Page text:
Most healthy older adults age 65 or older need 7-8 hours of sleep each night to feel rested and alert. But as you age, your sleep patterns may change. These changes can cause insomnia, or trouble sleeping.
Common sleep changes in older adults include:
- Getting tired earlier in the evening.
- Waking up early in the morning.
- Waking up in the middle of the night and not being able to go back to sleep.
- Having insomnia, which is a condition that makes it hard to fall asleep and/or stay asleep.
Path to improved health
Older adults often see their sleep-wake cycle change. This can be caused by age, lifestyle, or health conditions. Your body’s chemicals and hormones are a factor, too. For example, as you age, your body produces less melatonin. This is the natural hormone that regulates your sleep cycle. Lifestyle habits can affect your sleep. These include smoking and drinking alcohol or caffeine.
Certain medicines can make it hard to sleep. Dealing with pain can keep you awake. Some health conditions can even cause sleep problems. Diabetes and prostate issues can contribute to sleep disturbance and make you fatigued.. The problem caused by these conditions is that you are being woken up to urinate many times through the night. Conditions such as congestive heart failure or kidney disease may cause sleep issues. You may have trouble lying flat and getting comfortable enough to fall asleep. If you find yourself sleeping in a recliner or waking up many times throughout the night, it is important to talk to your doctor. He or she can make sure underlying health problems aren’t causing your sleep issues.
One common sleeping disorder is sleep apnea. It causes a person’s breathing to abnormally stop and start, while sleeping. People who have sleep apnea often snore loudly. You stop breathing for 10 to 30 seconds at a time. When you start breathing again, you gasp or snort, which can wake you up. This can occur hundreds of times in a single night. Each time you wake up, it disrupts your sleeping pattern. Sleep apnea makes it hard to get a good night’s rest. It can be harmful if you stop breathing for too long. It also can cause high blood pressure and increase your risk of a heart attack.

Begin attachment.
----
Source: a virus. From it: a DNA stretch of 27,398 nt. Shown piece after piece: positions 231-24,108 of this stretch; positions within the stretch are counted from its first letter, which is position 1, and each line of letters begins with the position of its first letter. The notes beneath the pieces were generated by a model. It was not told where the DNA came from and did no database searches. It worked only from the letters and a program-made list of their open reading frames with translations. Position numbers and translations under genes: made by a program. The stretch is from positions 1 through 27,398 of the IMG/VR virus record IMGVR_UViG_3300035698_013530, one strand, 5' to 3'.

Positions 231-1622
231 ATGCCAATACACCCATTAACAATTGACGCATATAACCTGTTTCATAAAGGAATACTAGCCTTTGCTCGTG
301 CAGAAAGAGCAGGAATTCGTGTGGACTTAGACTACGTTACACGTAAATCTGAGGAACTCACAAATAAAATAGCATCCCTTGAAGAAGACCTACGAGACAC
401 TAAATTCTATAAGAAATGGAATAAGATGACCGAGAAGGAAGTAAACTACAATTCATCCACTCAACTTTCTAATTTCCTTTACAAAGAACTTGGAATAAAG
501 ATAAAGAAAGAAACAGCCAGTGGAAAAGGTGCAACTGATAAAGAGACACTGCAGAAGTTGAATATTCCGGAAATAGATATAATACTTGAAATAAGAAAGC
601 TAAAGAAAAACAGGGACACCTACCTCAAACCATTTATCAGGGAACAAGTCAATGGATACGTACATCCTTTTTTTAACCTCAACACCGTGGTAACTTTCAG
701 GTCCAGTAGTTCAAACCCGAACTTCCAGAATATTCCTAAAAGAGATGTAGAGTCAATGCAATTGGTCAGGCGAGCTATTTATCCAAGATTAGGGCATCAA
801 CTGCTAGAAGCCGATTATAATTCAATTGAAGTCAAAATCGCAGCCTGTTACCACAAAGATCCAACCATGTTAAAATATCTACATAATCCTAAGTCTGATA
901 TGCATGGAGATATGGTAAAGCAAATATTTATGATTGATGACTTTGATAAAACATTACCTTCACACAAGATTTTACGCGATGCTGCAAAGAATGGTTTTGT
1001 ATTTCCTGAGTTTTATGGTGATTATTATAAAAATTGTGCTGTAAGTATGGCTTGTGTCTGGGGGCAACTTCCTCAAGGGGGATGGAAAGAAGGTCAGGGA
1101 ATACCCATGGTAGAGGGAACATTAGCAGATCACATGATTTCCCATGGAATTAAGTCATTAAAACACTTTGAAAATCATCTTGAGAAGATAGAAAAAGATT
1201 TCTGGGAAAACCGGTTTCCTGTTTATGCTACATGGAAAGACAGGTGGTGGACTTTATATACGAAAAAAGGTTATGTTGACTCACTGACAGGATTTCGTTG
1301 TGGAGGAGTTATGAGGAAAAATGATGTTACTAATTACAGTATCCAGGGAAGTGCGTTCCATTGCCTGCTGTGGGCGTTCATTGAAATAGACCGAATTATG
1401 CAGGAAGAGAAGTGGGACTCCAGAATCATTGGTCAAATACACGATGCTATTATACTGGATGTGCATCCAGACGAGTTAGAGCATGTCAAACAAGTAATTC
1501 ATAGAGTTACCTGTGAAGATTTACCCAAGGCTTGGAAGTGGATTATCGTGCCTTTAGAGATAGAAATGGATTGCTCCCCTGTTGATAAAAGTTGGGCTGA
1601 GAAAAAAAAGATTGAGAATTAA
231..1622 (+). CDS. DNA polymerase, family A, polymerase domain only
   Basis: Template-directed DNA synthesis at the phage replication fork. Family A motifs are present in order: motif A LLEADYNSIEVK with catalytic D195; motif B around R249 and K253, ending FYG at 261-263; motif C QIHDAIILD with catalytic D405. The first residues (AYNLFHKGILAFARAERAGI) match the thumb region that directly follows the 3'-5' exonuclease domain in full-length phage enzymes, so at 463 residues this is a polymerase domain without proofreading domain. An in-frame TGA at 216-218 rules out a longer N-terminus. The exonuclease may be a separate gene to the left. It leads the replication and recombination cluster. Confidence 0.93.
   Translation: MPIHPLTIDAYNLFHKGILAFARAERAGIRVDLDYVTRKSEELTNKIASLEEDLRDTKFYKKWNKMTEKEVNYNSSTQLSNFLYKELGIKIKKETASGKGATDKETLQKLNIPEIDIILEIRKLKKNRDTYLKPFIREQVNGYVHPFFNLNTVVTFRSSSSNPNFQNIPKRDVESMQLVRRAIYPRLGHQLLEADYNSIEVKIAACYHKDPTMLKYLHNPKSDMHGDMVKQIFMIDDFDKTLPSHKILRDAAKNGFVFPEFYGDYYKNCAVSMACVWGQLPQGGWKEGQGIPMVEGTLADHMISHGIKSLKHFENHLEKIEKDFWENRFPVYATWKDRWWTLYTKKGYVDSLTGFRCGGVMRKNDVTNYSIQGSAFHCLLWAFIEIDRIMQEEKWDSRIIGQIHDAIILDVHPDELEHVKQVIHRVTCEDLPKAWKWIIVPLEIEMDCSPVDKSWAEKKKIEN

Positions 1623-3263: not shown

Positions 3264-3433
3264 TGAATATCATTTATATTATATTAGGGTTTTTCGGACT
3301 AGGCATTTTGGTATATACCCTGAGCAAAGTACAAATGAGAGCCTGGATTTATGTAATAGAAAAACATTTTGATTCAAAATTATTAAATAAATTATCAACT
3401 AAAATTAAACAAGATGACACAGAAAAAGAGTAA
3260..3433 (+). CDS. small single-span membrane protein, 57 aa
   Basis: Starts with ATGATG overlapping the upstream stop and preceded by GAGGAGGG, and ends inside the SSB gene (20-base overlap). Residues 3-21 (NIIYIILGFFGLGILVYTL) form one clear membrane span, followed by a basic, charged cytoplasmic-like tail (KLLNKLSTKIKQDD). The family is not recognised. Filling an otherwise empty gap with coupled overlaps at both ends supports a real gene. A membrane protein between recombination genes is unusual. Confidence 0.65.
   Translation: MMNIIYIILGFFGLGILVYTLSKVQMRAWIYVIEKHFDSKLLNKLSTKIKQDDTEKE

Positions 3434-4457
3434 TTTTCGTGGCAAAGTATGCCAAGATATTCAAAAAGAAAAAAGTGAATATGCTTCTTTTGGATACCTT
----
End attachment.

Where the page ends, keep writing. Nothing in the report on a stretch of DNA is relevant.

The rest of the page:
Restless legs syndrome (RLS)
RLS is a condition in which you have leg pain or discomfort. It occurs when you are sitting or lying down. It can feel like your legs won’t be still. RLS can make it hard for you to sleep.
Periodic limb movement disorder (PLMD)
PLMD is a condition in which you kick your legs while you sleep. Most of the time, you don’t know you’re kicking. If you have a bed partner, they may tell you about it. PLMD can prevent good sleep and cause daytime fatigue. Some people may have RLS and PLMD.
Things to consider
If your sleep-wake cycle changes as you get older, these tips may help.
- Go to bed and get up at the same time each day, even on the weekends.
- Do not take naps longer than about 20 minutes.
- Do not read, watch TV, or eat in bed. Only use your bedroom for sleep.
- Avoid caffeine for about 8 hours before bedtime.
- Avoid nicotine and alcohol in the evening. Alcohol might help you fall asleep, but it can cause you to wake up in the middle of the night.
- Do not lie in bed for a long time trying to go to sleep. After 30 minutes of trying to sleep, get up and go to a different room. Do something quiet, such as reading or listening to music. Do not do anything that stimulates your brain. Then, go back to bed and try to fall asleep.
- Try to be active each day. Exercise can help you sleep better.
- Ask your doctor if any of your medicines could be keeping you awake at night. Medicines that can disrupt sleep include antidepressants, beta-blockers, and cardiovascular drugs.
When to see a doctor
Talk to your doctor if you have trouble sleeping. He or she will review your symptoms and may run tests to confirm a sleep condition. Your doctor also can prescribe medicine or treatment to help you sleep.
Questions to ask your doctor
- How many hours should I sleep each night?
- Could medicines I take affect my sleep?
- Do I have a health problem that could affect my sleep?
- I seem to sleep fine, but I’m tired all day. What’s wrong?
- Is it okay to nap for longer than 20 minutes during the day if I feel I need it?
Copyright © American Academy of Family Physicians
This information provides a general overview and may not apply to everyone. Talk to your family doctor to find out if this information applies to you and to get more information on this subject.